In the late sixteenth century, Spain began its formal colonization of what would become New Mexico. Juan de Oñate led a large colonizing party—129 soldiers and their families, 15 Franciscan missionaries, 83 wagons, 7,000 cattle, sheep, and goats—into New Mexico and established a colony at San Juan in the upper Rio Grande valley. The Spanish brought with them over 1,500 head of horse and mules: 1007 horses, 237 mares, 137 colts, and 91 mules.
The Spanish met with leaders from 30 pueblos, and Oñate took formal possession of New Mexico for the Spanish. The Spanish colonists ignored any possible Indian ownership of the land. In his book Pages from Hopi History, Harry James writes: “Without any consideration of the Indians living in the area, he took possession of their lands in the name of the King of Spain and for the benefit of any of the Spanish colonists with him who might want to exploit them.”
In 1604, a group of 30 Spanish soldiers under Juan de Oñate set out to find a route from New Mexico to the South Sea (Pacific Ocean). They crossed Arizona and followed the Bill Williams fork to the Colorado River. They then followed the Colorado River to the Gulf of California. Oñate concluded that Baja California was an Island.
Spanish colonists had been established in New Mexico for a century and half before Father Junípero Serra established a string of missions in California. As the Spanish colonies in California expanded, the idea of connecting the colonies in New Mexico with those in California had some appeal. It was proposed to create a trail from New Mexico to California through present-day Utah. In an article in A History of Utah’s American Indians, Dennis Defa writes: “It was believed that if these two areas of colonization, separated by some 1,200 miles, could be connected, Spain could dominate a vast land area and add substantially to her empire.”
While the Old Spanish Trail was established as a trade route, it was a trail rather than a road. Wagons were unable to cross the full length of the trail and this meant that trade items were limited to what could be carried by mule or horse. The primary trade goods were guns, powder, blankets, and knives. One of the highly desirable trade items carried along the Old Spanish Trail was Indian slaves. Spanish slave traders would capture Indian women and children—most often Navajo, Paiute, and Ute—and then sell them at the slave markets in New Mexico and California. Indian slaves could be easily transported along the Old Spanish Trail. Once sold, the Indian slaves were often taken farther south in Mexico where they were put to work as household servants, ranch hands, concubines, and miners. Dennis Defa writes: “Captured women and girls usually found their way into the more wealthy households as domestic servants, while men and boys were put to work on ranches and farms.”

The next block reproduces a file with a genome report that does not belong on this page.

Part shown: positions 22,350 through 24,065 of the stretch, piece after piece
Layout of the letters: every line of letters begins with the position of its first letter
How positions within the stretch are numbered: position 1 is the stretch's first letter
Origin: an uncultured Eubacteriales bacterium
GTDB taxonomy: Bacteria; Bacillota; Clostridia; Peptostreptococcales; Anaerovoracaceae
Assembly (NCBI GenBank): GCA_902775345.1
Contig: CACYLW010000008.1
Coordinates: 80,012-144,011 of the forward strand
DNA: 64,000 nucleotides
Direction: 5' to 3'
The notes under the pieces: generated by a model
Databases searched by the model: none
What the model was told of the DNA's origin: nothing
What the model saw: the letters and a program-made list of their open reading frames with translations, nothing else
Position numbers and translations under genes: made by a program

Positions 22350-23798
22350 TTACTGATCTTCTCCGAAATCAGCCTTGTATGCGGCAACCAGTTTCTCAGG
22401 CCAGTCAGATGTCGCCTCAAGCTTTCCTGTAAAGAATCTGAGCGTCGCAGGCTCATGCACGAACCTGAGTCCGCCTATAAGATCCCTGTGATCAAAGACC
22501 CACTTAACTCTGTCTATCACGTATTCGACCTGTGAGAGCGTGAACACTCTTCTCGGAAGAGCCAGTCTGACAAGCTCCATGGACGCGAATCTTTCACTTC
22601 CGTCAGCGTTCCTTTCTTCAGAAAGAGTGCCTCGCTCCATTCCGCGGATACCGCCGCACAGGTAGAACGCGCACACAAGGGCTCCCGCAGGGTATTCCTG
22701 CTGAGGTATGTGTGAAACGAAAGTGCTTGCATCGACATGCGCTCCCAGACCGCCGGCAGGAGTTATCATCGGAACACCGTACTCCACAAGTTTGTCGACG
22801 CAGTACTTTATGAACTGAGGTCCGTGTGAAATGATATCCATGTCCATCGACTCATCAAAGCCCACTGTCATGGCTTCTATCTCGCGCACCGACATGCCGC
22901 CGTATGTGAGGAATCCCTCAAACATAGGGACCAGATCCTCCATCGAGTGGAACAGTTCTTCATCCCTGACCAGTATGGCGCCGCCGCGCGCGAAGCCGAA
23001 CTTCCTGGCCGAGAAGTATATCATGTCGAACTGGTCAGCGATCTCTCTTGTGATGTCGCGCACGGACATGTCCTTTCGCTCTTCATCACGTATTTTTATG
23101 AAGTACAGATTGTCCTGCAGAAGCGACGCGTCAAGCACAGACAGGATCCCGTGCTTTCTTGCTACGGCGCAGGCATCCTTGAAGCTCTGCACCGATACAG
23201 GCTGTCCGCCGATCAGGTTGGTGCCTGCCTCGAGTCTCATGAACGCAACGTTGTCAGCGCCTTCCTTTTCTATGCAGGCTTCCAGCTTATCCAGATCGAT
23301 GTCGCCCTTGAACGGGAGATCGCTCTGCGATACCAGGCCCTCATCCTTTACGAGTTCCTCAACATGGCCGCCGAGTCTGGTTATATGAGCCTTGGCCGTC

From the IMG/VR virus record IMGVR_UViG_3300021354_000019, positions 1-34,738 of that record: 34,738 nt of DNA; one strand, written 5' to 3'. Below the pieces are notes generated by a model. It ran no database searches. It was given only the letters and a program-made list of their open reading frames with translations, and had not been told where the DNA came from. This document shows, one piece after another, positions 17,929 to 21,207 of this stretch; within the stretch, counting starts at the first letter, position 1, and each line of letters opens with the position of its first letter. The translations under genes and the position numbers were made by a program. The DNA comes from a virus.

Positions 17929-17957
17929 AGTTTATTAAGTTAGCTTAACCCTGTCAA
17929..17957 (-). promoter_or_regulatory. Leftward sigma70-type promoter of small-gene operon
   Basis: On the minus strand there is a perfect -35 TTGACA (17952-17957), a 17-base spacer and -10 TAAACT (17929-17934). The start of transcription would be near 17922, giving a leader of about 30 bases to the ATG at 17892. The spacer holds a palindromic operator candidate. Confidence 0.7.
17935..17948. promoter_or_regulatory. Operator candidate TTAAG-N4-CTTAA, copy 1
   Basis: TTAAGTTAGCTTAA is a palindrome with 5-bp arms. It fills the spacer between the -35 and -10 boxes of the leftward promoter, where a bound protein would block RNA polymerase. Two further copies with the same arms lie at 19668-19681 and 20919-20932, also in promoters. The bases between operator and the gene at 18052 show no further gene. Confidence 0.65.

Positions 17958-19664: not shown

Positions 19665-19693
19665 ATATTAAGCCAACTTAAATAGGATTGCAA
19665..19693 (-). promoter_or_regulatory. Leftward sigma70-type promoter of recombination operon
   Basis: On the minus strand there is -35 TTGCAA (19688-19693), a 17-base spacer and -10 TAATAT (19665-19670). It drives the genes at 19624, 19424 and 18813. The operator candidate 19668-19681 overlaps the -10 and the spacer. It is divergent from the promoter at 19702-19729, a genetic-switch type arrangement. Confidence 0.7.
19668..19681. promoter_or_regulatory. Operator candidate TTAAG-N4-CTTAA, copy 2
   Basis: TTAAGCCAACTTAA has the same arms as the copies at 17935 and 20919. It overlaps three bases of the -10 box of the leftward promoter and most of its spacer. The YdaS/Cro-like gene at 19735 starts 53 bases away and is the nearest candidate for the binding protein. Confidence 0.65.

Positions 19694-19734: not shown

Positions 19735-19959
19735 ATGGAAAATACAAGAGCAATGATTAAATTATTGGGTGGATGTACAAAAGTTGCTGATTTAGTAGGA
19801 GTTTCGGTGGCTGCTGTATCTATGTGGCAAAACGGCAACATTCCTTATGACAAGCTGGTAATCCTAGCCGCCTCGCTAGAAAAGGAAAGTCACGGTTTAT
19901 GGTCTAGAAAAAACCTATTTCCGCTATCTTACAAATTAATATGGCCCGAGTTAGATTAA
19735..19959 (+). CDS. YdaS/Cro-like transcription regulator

Children were very desirable as slaves as it was easy for them to learn Spanish and the duties which they were expected to carry out. In A History of Utah’s American Indians, Robert McPherson and Mary Jane Yazzie report: “As much as $200 might be paid for a young girl who could be trained as a domestic, while boys were worth only half that much.”
With regard to the Indian slave trade, Nancy Maryboy and David Begay, writing in A History of Utah’s American Indians, report: “It is estimated that during the early 1800s more than 66 percent of all Navajo families experienced the loss of members to slavery. Navajo children were taken from their families and sold at auction in Santa Fe, Taos, and other places.”
When Mexico gained independence from Spain in 1821 the trade in Indian slaves continued. Nancy Maryboy and David Begay write: “Skirmishes, slave raids, and massacres occurred with increasing frequency. The Mexicans condoned and even increased raiding and slave-taking efforts.”
The trade in Indian slaves continued after the United States acquired dominion over the Southwest. The legal nature of the slave system changed as young children would be taken from their Indian homes to be “adopted” into non-Indian homes so that they could become “civilized” and Christianized while they worked as virtual household slaves. Able-bodied Indian men could be acquired through the legal system which allowed non-Indians to acquire prisoners as “indentured servants” by paying their fines.